Gene Ferrara is president of JMA Consultants, which provides engineering advice to co-op and condo boards. He spoke recently with Habitat as part of our Problem Solved series.
As of 2021, some 14,000 buildings in New York City must have their facades inspected to make sure they comply with Local Law 11. With COVID, of course, the landscape has changed.
Yes, and there are two sides to that — the engineering side and the contractor side. The engineering fees have gone up dramatically because more work is involved for the inspections. There are more recording techniques, such as doing probes for the brick ties on cavity-walled buildings. You have to do a drop on a public right of way every 60 feet. Anytime you have a sidewalk or someplace where the public can walk around the building, you have to have a drop from top to bottom. It used to be just one drop for the entire building. So I have buildings now where we may have charged the client $8,000 in the past, and now it's coming up to $12,000 or more.
And on the contractor side?
It used to be a $10,000 scaffold drop or a boom truck on one spot. Now, with the probes, you have to put a bridge up if they have to look inside an area you can't close off. I have one building that spent $12,950 on the last cycle; it's $275,000 this time around. I've spoken to other engineering consultants, and it’s the same for them. The sticker shock for the client is tremendous.
What about hiring contractors? Are there enough workers around?
I know there's a reason to extend COVID unemployment benefits to people like bartenders, waitresses and so forth. I get it. But the contractors cannot get the men back to the sites because they're making more money sitting at home. Demand is back, and you need to let people go back to work. Also, these are not people you just grab off the street and put on a scaffold up in the air. There's almost a hundred hours' worth of training for that person just to get on that rig. Also, we've lost four or five good contracting companies because of COVID, and they're not coming back or being replaced.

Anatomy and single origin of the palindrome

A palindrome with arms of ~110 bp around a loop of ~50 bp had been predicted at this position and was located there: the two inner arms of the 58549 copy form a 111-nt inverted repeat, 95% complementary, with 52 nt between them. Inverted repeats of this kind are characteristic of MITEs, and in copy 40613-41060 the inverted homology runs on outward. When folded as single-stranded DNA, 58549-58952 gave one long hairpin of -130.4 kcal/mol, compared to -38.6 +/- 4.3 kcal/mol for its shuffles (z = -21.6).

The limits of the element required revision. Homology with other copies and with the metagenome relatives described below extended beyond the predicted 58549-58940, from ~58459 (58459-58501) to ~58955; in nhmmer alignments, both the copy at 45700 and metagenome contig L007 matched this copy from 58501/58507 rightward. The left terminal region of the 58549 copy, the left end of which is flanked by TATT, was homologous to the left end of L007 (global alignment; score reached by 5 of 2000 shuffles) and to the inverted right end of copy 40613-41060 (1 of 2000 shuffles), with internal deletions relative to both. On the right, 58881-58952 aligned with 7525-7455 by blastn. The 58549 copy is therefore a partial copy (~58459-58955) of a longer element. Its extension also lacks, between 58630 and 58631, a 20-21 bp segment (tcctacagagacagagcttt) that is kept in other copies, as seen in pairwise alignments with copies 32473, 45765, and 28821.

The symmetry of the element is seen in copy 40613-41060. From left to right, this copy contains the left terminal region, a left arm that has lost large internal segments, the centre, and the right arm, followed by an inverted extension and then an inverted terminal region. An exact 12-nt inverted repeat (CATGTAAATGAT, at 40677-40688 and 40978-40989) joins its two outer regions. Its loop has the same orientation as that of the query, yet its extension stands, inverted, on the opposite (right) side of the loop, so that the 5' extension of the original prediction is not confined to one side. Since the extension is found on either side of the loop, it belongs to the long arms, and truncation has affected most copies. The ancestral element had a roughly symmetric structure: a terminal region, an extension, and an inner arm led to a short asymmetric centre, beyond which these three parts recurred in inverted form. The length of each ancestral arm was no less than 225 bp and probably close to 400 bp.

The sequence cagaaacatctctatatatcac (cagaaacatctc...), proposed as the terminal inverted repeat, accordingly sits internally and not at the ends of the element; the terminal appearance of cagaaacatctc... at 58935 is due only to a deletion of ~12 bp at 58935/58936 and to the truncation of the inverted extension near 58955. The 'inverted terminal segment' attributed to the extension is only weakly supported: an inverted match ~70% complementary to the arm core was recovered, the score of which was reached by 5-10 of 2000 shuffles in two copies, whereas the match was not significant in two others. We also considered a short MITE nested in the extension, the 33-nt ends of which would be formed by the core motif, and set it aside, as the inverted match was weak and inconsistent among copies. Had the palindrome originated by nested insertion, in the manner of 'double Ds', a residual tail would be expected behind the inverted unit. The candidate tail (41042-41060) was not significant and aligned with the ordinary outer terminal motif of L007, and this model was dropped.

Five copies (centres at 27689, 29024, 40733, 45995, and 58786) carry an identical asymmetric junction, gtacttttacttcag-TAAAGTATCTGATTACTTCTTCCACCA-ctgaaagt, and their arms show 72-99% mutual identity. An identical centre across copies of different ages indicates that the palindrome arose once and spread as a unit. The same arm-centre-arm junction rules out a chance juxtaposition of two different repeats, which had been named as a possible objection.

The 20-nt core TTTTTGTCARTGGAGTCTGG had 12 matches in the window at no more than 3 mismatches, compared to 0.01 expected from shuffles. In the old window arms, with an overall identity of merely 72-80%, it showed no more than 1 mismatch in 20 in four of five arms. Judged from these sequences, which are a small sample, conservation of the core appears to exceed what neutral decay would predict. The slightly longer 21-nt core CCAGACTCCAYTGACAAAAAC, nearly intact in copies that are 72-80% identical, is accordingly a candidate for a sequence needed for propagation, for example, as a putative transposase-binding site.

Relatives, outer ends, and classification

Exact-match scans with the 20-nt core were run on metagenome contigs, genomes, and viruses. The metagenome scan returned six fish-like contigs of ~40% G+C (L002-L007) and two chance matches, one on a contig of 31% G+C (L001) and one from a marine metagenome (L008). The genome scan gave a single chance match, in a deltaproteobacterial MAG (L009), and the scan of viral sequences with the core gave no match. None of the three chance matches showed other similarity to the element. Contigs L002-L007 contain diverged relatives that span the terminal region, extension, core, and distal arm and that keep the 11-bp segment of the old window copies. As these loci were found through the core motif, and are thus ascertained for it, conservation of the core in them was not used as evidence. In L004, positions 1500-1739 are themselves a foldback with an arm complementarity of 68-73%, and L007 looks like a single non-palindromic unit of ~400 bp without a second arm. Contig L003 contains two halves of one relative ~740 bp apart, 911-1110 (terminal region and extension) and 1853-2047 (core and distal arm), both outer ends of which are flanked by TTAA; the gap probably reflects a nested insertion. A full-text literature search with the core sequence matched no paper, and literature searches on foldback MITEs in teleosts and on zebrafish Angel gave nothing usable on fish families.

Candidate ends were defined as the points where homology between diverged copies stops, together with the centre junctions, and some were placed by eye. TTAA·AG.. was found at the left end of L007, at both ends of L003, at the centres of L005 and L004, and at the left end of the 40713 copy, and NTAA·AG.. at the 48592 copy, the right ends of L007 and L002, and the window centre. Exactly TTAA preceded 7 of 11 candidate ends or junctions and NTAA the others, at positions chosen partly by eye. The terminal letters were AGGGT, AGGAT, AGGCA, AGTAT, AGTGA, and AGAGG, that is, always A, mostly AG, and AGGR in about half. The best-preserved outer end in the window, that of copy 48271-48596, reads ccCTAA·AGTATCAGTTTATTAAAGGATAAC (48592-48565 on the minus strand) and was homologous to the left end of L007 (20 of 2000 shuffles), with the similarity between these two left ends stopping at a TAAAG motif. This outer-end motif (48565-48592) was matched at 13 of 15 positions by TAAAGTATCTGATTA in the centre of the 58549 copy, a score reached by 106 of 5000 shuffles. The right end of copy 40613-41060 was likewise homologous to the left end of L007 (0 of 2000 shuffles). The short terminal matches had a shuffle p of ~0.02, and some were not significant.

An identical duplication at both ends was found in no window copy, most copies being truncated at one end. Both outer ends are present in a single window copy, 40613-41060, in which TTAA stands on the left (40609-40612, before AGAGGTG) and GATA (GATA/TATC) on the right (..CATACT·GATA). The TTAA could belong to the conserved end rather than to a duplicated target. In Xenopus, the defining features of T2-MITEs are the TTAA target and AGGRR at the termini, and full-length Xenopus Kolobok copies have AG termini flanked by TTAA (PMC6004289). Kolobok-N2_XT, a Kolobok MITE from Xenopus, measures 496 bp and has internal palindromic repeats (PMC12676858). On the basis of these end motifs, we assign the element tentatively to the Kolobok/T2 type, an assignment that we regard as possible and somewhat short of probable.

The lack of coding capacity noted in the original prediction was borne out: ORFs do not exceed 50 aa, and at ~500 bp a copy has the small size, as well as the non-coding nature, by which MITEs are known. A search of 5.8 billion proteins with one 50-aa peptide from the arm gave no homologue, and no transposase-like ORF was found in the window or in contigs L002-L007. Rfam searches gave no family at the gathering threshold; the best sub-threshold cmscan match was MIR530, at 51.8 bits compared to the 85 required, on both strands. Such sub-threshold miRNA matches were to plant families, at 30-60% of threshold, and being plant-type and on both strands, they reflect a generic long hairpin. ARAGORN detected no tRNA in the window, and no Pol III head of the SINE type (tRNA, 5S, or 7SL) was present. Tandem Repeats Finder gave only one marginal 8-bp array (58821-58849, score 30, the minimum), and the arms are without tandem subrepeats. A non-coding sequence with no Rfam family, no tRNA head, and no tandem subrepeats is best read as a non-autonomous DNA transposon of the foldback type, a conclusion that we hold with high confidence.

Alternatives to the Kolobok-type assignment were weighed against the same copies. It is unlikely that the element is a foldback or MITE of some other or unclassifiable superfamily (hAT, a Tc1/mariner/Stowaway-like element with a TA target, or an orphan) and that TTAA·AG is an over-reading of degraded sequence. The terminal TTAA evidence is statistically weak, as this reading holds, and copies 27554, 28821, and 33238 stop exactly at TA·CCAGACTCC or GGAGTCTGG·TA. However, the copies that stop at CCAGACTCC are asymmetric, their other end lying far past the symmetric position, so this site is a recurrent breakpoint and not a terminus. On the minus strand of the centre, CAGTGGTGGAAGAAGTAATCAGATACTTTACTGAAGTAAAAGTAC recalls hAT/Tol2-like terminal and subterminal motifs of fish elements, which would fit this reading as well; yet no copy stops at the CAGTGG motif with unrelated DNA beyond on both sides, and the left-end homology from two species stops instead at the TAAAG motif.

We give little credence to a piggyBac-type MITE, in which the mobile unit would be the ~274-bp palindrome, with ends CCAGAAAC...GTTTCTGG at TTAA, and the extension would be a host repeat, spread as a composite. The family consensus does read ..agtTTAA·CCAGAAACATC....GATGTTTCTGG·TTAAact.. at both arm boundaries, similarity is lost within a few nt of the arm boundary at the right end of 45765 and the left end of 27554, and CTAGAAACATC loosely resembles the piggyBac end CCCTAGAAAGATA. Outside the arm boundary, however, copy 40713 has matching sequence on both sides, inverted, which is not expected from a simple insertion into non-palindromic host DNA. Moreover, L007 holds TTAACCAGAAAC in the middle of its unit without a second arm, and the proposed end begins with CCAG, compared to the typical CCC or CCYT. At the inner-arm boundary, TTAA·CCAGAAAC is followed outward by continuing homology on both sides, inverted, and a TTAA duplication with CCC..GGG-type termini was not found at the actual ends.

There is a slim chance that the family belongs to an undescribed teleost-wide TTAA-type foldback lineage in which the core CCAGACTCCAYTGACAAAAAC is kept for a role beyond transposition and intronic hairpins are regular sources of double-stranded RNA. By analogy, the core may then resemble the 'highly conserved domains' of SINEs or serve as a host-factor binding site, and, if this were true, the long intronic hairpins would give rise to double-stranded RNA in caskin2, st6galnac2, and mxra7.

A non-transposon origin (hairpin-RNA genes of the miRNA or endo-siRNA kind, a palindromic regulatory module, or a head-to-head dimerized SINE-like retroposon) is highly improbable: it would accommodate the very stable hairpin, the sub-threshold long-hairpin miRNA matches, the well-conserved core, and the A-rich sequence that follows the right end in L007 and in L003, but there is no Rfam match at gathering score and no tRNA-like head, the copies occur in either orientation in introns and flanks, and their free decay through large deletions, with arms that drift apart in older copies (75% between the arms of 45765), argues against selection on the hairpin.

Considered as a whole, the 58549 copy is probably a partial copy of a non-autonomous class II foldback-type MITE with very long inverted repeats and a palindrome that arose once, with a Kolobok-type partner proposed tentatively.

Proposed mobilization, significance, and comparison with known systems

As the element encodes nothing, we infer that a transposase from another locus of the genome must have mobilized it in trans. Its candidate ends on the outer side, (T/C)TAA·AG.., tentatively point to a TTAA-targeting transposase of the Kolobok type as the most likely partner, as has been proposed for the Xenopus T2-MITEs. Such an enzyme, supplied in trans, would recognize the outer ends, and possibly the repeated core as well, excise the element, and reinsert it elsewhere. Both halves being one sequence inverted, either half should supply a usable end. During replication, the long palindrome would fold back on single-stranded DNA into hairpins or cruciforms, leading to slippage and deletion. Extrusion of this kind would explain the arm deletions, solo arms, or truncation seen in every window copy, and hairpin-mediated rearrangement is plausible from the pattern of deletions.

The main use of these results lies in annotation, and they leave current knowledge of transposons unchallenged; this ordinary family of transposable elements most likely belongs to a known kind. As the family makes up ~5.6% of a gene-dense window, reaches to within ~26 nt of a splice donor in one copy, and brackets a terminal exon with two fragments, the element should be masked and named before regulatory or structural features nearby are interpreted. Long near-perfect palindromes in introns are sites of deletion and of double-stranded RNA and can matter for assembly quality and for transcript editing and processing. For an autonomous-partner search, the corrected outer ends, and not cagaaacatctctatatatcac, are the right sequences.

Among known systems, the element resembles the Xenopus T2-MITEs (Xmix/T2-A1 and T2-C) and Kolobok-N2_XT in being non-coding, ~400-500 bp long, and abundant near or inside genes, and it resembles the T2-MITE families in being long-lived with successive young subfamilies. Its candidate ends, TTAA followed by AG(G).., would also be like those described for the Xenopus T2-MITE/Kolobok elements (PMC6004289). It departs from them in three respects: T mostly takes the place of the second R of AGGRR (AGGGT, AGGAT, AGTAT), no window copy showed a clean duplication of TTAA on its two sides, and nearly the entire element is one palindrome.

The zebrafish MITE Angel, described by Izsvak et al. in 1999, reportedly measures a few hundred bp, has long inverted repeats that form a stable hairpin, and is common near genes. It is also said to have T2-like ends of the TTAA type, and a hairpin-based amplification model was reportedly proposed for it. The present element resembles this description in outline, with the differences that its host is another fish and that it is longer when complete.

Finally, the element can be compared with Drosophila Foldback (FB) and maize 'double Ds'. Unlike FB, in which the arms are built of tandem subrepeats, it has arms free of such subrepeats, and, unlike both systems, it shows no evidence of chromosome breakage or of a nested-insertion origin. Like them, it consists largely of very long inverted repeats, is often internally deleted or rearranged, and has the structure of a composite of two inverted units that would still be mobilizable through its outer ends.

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We understand that contractors' insurance policies aren't what they used to be. How have they changed?
Under New York State’s Labor Law, if anybody gets hurt while working on a building, they can't sue the employer because he has workers’ comp. So they go through a third-party lawsuit, which brings in everybody involved in the project, even if they had no responsibilities to supervise or manage it in any way, So insurance premiums go up, up and up.
And recently there have been accidents throughout the city where the insurance did not have all the proper coverage. People say they have $10 million worth of coverage – but they're not covered above six stories, or they're not allowed to do certain things that all contractors do in this restoration business. They provide a certificate of insurance, but that doesn’t cover their subcontractors.
How are people dealing with the problem?
Big firms like Douglas Elliman, FirstService, Greenthal, Maxwell-Kates and so forth have retained insurance consultants to review the policies and the certificates before the contractors get hired. We've been in touch with a lot of people in the industry, and we’re trying to come up with a good standard insurance policy that meets the minimum requirements that all buildings are looking for.
Given this tough climate, are boards being proactive enough in tackling facade projects and meeting inspection deadlines?
Yes and no. Some long-term clients of mine – who know that when I tell them to hop on something that they need to get going – have taken advantage of that and they got the early pricing. Other buildings, not so much, and there’s serious sticker shock. We sent out proposals in October 2020 telling boards how much certain projects would cost. We got bids back in January and February, and those numbers are off by 25% to 30%.
There are a lot of boards who say, "Well, I've got two years to file my report.” But given how long it can take from the time we get that first phone call to inspecting the building and writing the report, it could take a year just to get the job off the ground on a major project. That’s important for boards to know.
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